Vivica A. Fox Hasn't Spoken to Jada Pinkett Smith Since Calling Out Her Remarks About Oscars Slap

"If there's one person that deserves a second chance, it is him," Vivica A. Fox tells PEOPLE about Will Smith

Vivica A. Fox hasn't caught up with Jada Pinkett Smith since criticizing her comments about Will Smith hitting Chris Rock at the Oscars — but she says Will "deserves a second chance."

While on The Wendy Williams Show in June, Fox tearfully reacted to Jada's Red Table Talk remarks about moving forward after the March 27 incident. Fox — who costarred with Will in 1996's Independence Day and with Jada in Set It Off that same year — said at the time, in part, "I just wish we could have just a little more accountability and for it to not seem so self-righteous on Jada's part, and that's my feelings."

At the premiere of The Great Wolf Pack: A Call to Adventure at Great Wolf Lodge on Tuesday in Garden Grove, Calif., Fox, 58, told PEOPLE she hasn't spoken to Jada, 50, since speaking out.

"I think they're just really going through a season of healing right now," she says. "Listen, I love Will Smith. He's one of my favorite people on the planet. We all make mistakes. If there's one person that deserves a second chance, it is him. I think he's taken full accountability for his actions and he apologized."

Fox adds, "I just hope that we can all move forward from the incident and learned that it must never happen again, especially on that magnitude of a stage."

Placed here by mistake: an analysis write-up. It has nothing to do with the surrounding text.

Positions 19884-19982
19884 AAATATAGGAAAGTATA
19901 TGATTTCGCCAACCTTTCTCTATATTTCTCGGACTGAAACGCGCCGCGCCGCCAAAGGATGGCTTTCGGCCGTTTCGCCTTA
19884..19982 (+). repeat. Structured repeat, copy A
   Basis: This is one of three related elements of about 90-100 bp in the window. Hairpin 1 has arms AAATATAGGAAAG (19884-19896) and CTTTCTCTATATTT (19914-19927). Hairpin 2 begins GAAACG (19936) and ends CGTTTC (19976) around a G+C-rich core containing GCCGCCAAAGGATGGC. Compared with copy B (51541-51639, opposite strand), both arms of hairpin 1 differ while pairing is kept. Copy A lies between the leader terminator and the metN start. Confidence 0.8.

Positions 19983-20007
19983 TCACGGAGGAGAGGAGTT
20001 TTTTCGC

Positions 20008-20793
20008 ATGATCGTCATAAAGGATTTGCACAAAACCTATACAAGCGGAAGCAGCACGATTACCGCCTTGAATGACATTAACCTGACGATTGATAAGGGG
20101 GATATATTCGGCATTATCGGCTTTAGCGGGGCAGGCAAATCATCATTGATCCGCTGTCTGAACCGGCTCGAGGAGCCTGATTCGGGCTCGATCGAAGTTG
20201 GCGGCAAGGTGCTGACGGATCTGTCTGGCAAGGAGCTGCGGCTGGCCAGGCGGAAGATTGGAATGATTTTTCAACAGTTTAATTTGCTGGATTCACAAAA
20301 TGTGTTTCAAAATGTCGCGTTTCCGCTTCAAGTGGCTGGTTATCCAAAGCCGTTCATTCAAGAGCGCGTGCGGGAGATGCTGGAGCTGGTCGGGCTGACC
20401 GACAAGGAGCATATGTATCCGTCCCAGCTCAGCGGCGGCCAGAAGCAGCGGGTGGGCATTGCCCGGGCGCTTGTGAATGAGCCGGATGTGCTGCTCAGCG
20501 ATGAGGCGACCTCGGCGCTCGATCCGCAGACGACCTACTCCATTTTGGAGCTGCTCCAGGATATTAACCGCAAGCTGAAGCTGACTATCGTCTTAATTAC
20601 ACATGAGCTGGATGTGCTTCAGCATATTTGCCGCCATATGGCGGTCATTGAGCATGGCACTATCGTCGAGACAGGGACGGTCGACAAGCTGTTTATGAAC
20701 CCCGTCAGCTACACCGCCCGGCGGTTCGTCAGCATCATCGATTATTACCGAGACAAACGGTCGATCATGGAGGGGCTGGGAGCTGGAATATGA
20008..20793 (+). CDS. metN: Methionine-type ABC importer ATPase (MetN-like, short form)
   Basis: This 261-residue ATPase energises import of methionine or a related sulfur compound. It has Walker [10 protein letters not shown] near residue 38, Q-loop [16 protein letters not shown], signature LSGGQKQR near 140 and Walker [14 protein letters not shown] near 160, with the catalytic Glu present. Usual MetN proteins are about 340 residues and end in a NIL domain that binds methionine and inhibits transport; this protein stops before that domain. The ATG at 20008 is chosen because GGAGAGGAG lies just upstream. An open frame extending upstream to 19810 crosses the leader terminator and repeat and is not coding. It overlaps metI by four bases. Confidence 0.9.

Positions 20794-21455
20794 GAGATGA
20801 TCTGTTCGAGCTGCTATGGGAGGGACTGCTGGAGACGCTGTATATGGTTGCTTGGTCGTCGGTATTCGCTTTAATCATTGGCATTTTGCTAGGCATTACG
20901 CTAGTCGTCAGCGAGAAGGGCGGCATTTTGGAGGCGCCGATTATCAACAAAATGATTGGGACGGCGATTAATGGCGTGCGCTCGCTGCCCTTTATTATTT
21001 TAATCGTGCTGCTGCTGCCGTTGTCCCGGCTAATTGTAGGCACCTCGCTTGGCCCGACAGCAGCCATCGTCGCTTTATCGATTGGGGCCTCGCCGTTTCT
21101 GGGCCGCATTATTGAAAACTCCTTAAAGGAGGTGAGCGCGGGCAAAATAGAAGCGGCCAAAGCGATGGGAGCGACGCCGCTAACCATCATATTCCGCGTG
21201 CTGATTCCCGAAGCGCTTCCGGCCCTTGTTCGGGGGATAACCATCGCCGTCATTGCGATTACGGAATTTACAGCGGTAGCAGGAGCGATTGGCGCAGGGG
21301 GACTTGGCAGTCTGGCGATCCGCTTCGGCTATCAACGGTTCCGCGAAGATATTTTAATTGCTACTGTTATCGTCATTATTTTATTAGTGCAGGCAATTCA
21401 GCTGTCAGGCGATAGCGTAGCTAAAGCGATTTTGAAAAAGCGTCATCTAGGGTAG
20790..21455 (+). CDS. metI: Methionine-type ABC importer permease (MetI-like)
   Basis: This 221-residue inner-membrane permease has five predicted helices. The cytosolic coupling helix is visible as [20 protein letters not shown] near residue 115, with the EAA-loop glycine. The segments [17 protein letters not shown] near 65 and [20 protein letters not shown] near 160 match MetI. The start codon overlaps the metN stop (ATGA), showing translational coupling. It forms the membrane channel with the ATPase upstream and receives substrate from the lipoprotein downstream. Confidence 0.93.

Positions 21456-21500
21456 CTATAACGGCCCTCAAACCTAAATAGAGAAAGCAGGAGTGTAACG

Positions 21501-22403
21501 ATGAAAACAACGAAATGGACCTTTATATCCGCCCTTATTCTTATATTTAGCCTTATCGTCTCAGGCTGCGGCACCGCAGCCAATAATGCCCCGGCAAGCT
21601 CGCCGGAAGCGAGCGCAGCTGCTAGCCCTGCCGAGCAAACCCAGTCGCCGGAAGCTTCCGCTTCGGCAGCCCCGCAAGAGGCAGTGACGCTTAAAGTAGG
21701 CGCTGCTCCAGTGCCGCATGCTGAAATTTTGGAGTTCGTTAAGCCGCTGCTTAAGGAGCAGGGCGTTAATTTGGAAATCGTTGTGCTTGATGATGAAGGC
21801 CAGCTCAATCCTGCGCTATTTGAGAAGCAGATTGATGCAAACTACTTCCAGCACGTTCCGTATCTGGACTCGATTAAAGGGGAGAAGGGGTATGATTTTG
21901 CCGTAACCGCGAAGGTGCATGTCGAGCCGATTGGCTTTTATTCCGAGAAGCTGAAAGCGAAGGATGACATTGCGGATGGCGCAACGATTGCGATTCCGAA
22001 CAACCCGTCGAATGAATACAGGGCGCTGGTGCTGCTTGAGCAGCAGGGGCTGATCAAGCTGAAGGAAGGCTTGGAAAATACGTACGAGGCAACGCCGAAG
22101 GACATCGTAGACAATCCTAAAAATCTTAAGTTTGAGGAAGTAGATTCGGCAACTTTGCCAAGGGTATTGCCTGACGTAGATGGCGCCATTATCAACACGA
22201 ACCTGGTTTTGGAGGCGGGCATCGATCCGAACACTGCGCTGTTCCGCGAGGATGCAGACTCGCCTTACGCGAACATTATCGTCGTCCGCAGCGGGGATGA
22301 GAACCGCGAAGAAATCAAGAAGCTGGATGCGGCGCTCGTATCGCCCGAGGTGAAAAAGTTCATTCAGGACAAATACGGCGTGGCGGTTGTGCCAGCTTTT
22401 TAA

Vivica A. Fox attends Great Wolf Lodge's “The Great Wolf Pack: A Call to Adventure” red carpet event; Jada Pinkett Smith attends the 94th Annual Academy Awards
Phillip Faraone/Getty Images; Kevin Mazur/WireImage

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Will, 53, got onstage during the Oscars and struck comedian Rock, 57, for making a joke about Jada's shaved head that night (she lives with alopecia). The Best Actor winner later apologized and resigned from the Academy of Motion Picture Arts and Sciences, which also banned him from attending its events for 10 years.

When she addressed the incident on an episode of her Red Table Talk show, Jada told viewers, "About Oscar night: My deepest hope is that these two intelligent, capable men have an opportunity to heal, talk this out and reconcile. With the state of the world today, we need 'em both, and we all actually need one another more than ever. Until then, Will and I are continuing to do what we have done for the last 28 years — and that's [to] keep figuring out this thing called life together."

Then, in his video apology earlier this month, Will clarified that Jada did not play a part in his Oscars outburst. (Will had explained in a statement days after the Oscars that the punchline about Jada was "too much for me to bear" and he "reacted emotionally.")

Will Smith, Jada Pinkett Smith
Will and Jada Pinkett Smith. Richard Harbaugh/A.M.P.A.S. /

"I made a choice on my own from my own experiences, from my history with Chris. Jada had nothing to do with it," he said in the video. "I'm sorry, babe. I want to say sorry to my kids and my family for the heat that I've brought on all of us."

Fox said in June that Jada's comments were "difficult" for her to hear. She added that she has "love for the Smiths; I know their children, I've watched them grow up."

"Will Smith was defending her honor, that's the reason he walked on stage and slapped because he felt like his wife had been offended, so for me to see no accountability as a partner," she said. "Also, let's not forget, Chris Rock was assaulted. We cannot forget that for basically telling a joke that I really felt wasn't that bad."

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